Penn Program for Mindfulness
Lawrence J. Ladden and Jale Cilasun
Jan 5 – 6, 2019, 9:30am – 4pm
Optional CEs: 11 credit hours? $70
“Because we don’t know when we will die, we get to think of life as an inexhaustible well. How many more times will you watch the full moon rise? Perhaps 20. And yet it all seems limitless.”
Paul Bowles, Sheltering Sky.
Mindfulness shows us the truth of impermanence. It teaches us that the present moment is fleeting, and that something new is always emerging. Our relationship to impermanence is central to our mindfulness practice. When our life changes, mindfulness helps us to bring our full attention to what is about to depart as well as what is just arriving. All life-changing transitions, including changes in health, work, relationships, aging, and the end of life itself, benefit greatly from our mindful attention and care.
The weekend program will use mindfulness and group process to explore the experience of change from both the individual and group perspectives.
The individual perspective is inspired by Stephen Levine’s text “A Year to Live,” a journal of a year when the author lived as if it were his final year of life. We will use guided meditations derived from that text to learn about discomfort, forgiveness, and gratitude.
The group perspective will explore the impermanence that is alive in every moment of relational and group life. We will base our investigation on the four foundations of mindfulness as experienced in the group through a process known as Contemplative Group Dynamics. By starting slowly with body sensation we can explore the body as an active process of change, and then notice how shared sensations and feelings resonate with others. Shared practice provides a container for the emotional energies evoked by loss and change. A supportive and mindful group allows these energies to be met and held with gentle awareness rather than avoided.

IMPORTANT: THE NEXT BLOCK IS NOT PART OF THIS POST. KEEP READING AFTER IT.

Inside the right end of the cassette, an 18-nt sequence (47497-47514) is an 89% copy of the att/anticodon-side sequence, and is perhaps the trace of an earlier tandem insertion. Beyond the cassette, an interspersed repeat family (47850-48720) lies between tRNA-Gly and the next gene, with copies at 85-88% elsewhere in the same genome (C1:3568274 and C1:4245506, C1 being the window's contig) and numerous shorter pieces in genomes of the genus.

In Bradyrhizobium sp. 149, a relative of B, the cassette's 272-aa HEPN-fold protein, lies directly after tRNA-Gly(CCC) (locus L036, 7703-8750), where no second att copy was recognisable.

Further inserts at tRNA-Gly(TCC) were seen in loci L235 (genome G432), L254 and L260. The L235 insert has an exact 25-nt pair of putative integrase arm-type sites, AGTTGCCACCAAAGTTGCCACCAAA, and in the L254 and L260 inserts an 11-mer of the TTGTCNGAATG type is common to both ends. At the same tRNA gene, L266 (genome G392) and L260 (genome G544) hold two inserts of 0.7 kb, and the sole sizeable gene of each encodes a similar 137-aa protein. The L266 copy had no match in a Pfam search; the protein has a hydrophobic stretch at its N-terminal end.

It is our hope that this weekend will help participants to bring awareness of the preciousness of the present moment more fully into their lives. By appreciating what occurs and not taking the moments of our life for granted we can bring a caring attention and a steady presence to the unfolding mystery that is right here.
- Identify how formal mindfulness practice enacts a first-hand relationship to
impermanence in relation to sensation, feeling, and thinking (“noticing” and
2. Identify the role of mindfulness in cultivating acceptance toward human
expressions of impermanence: separation, illness, aging and death.
3. Practice mindfulness based exercises aimed at cultivating forgiveness and
4. Identify the emotional responses associated with loss and grief and our
resistance to bringing attention to them.
5. Identify the benefit of a group mindfulness practice using speech to mutually
recognize and contain emotion.
6. Practice mindfulness exercises that address physical and emotional discomfort.
Identify how physical and emotional discomfort interact within the individual and
within the group.